You can buy an entire plant for less than the cost of one tiny bottle of dried herbs.  Herbs are easy to dry.  Cut the herbs back in mid summer and put in a paper bag.  Do not pack tightly, pack loosely so that the herbs do not mold.  Put in a warm, dry place out of direct sunlight if possible and a few weeks later you will be rewarded with enough herbs for your cooking and all your relatives for the entire year! 
To get varieties that even your nursery does not have, order seed.  I have phenomenal luck with the Aerogarden seed starter.  The germination rate is near 100% using it.  The best time to start new herbs is in the spring.  All plants are primed for growth in spring.  However, herbs will do fine being planted in summer.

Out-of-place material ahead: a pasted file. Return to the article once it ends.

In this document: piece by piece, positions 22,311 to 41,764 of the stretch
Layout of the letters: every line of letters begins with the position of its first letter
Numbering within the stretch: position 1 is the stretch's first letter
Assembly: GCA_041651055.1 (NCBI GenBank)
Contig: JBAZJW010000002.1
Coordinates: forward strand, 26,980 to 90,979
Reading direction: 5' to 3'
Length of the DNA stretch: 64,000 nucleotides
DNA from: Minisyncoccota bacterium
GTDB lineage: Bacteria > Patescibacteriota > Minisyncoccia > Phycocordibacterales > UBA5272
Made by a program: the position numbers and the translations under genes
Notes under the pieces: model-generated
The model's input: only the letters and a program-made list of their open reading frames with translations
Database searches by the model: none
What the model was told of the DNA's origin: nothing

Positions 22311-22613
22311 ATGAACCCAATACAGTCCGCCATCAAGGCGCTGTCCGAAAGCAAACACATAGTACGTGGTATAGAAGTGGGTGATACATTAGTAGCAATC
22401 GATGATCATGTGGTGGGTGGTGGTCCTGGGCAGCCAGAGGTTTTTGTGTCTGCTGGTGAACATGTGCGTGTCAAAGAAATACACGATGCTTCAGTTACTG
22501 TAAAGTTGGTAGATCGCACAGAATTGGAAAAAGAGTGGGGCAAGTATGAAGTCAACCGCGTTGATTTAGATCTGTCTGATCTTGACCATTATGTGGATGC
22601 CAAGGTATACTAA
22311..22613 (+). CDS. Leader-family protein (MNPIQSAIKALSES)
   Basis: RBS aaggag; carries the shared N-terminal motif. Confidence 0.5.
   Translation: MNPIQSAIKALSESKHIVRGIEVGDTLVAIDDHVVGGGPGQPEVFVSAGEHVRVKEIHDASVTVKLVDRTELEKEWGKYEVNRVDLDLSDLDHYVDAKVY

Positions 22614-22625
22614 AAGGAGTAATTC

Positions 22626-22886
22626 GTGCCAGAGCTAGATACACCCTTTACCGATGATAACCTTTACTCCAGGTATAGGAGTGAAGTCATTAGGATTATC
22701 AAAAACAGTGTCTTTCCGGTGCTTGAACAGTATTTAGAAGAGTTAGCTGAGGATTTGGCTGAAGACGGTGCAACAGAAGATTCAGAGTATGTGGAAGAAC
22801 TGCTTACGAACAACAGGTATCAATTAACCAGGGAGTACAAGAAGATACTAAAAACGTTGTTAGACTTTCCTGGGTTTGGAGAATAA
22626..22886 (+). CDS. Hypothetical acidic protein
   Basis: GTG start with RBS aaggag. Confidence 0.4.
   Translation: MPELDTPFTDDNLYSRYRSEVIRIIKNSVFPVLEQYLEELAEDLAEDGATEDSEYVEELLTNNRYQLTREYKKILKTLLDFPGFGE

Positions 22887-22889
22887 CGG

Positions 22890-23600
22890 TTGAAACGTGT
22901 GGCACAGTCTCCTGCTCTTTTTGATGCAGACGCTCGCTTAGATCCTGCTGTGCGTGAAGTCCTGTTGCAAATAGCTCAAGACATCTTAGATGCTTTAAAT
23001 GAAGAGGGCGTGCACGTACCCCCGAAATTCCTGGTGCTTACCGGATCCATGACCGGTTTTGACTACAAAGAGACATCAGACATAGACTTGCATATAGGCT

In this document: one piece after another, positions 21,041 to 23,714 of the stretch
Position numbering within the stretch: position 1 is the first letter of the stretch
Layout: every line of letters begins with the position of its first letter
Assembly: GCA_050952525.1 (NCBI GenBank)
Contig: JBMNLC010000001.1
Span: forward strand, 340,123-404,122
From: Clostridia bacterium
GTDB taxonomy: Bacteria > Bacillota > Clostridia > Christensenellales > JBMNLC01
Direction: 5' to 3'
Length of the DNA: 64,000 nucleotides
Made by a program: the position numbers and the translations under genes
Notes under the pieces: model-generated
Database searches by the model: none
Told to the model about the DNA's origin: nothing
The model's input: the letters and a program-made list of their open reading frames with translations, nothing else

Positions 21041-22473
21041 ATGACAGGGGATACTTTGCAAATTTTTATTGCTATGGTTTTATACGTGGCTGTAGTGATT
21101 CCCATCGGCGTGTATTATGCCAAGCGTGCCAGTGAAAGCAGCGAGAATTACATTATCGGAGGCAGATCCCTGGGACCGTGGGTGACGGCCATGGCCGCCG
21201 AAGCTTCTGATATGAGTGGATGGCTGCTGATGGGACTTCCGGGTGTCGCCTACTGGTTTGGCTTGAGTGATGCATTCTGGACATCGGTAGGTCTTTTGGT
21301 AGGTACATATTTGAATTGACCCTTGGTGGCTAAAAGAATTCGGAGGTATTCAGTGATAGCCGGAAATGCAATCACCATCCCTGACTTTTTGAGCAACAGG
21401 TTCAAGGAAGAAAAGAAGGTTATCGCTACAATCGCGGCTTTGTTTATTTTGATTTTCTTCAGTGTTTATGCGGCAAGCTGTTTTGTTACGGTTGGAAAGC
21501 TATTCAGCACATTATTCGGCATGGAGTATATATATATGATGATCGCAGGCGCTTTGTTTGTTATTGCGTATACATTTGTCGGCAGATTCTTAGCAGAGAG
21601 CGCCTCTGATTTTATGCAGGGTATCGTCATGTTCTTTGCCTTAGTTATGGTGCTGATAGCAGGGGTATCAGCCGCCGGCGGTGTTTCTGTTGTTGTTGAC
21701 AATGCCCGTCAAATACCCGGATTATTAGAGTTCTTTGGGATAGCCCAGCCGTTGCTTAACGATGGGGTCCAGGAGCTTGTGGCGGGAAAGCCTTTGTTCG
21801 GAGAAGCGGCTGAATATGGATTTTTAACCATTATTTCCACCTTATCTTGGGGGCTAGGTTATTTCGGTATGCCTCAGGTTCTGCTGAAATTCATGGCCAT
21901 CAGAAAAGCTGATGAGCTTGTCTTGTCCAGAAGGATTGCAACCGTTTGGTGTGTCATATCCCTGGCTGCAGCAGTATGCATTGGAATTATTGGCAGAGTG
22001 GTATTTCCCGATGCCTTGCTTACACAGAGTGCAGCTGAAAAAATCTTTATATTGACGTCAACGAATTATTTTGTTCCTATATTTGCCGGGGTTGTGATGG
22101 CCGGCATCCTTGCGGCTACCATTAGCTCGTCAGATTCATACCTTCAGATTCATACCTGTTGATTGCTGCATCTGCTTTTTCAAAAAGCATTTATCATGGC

Herbs like full sun and dry feet.  Too much water is about the only thing that will kill an herb plant.  I plant mine amongst the flowers and near the back door for optimum convenience for cooking.  You can also grow in pots if you like and put right at the door!

Sunday, June 17, 2012

All you wanted to know about onions


Sunday, June 17, 2012

Onions with white flower tops

The onions we cultivate today likely originated from a wild Asian onion, but has been grown so long, its road back to the original is lost.

Two thousand years ago, there were many varieties that we would recognize today.  There were round onions, white onions, red onions, flat onions, long onions, keeper onions, sweet onions, spicy onions.
Onions have been important for their perceived health benefits in times gone past and proven today.